Nov
14
2005

Grandmom was right about catching colds

My grandmother always told me to wrap up or I'd catch a cold.

Scientists, however, always said there was no link between the two things. But researchers at the Common Cold Centre in Cardiff, Wales, now say that they can prove that getting chilled really can cause a cold to develop.

How can that be? Professor Ron Eccles says that when cold viruses are circulating in a community, many people have mild infections with no symptoms. Getting chilled, however, constricts the flow of blood to extremities, like your nose, and shuts down the supply of white blood cells that help to fight the infection. He also says that cold noses may be one reason that cold symptoms tend to be seasonal.

So put on a hat and keep your feet dry!

Your Comments, Thoughts, Questions, Ideas

bryan kennedy's picture

That's funny. I went on a walk today with some co-workers through the cold and the snow. We actually ended up debating this study since one of us had actually heard of some scientific research to the contrary. I couldn't track down any information on that but did run across some other cool science about the common cold.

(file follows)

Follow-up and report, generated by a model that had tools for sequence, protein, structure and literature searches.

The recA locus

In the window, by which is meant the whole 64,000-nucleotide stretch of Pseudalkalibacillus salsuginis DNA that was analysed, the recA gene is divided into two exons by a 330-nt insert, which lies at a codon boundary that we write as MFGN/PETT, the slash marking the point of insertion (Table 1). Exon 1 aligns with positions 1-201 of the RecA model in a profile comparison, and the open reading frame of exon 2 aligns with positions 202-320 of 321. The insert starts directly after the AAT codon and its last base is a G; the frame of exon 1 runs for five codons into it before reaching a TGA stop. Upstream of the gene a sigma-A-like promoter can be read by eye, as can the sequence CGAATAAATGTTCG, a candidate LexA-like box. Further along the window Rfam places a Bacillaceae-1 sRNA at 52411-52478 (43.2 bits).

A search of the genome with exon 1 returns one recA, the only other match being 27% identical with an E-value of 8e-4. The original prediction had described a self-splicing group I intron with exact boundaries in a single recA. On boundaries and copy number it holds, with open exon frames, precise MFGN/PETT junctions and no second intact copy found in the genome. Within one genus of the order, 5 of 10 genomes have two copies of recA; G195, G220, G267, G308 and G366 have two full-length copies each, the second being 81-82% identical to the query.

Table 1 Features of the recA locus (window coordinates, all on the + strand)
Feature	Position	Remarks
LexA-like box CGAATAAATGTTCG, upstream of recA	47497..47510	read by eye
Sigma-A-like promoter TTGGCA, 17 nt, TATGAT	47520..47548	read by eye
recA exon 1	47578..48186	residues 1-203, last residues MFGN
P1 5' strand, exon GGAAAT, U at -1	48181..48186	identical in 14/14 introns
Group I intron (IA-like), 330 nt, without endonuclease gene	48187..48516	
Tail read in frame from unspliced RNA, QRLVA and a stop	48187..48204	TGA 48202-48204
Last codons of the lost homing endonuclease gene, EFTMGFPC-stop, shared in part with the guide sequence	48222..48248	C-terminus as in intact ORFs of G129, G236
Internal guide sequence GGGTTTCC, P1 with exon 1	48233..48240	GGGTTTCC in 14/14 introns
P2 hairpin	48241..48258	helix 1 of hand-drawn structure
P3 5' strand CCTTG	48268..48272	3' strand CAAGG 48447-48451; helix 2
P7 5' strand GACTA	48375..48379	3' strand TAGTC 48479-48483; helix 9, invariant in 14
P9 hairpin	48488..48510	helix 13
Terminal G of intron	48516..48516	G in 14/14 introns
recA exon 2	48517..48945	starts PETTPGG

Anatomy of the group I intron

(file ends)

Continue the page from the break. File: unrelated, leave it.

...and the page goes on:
These scientists at Massey University in New Zealand are looking deep into the cold virus using a technique called "Nuclear Magnetic Resonance". They use a super magnet and sensors to look at the "fingerprint" of the molecules that make up the cold virus to better understand how we might prevent it from infecting our bodies. Watch a video of the process.

posted on Tue, 01/03/2006 - 5:30pm

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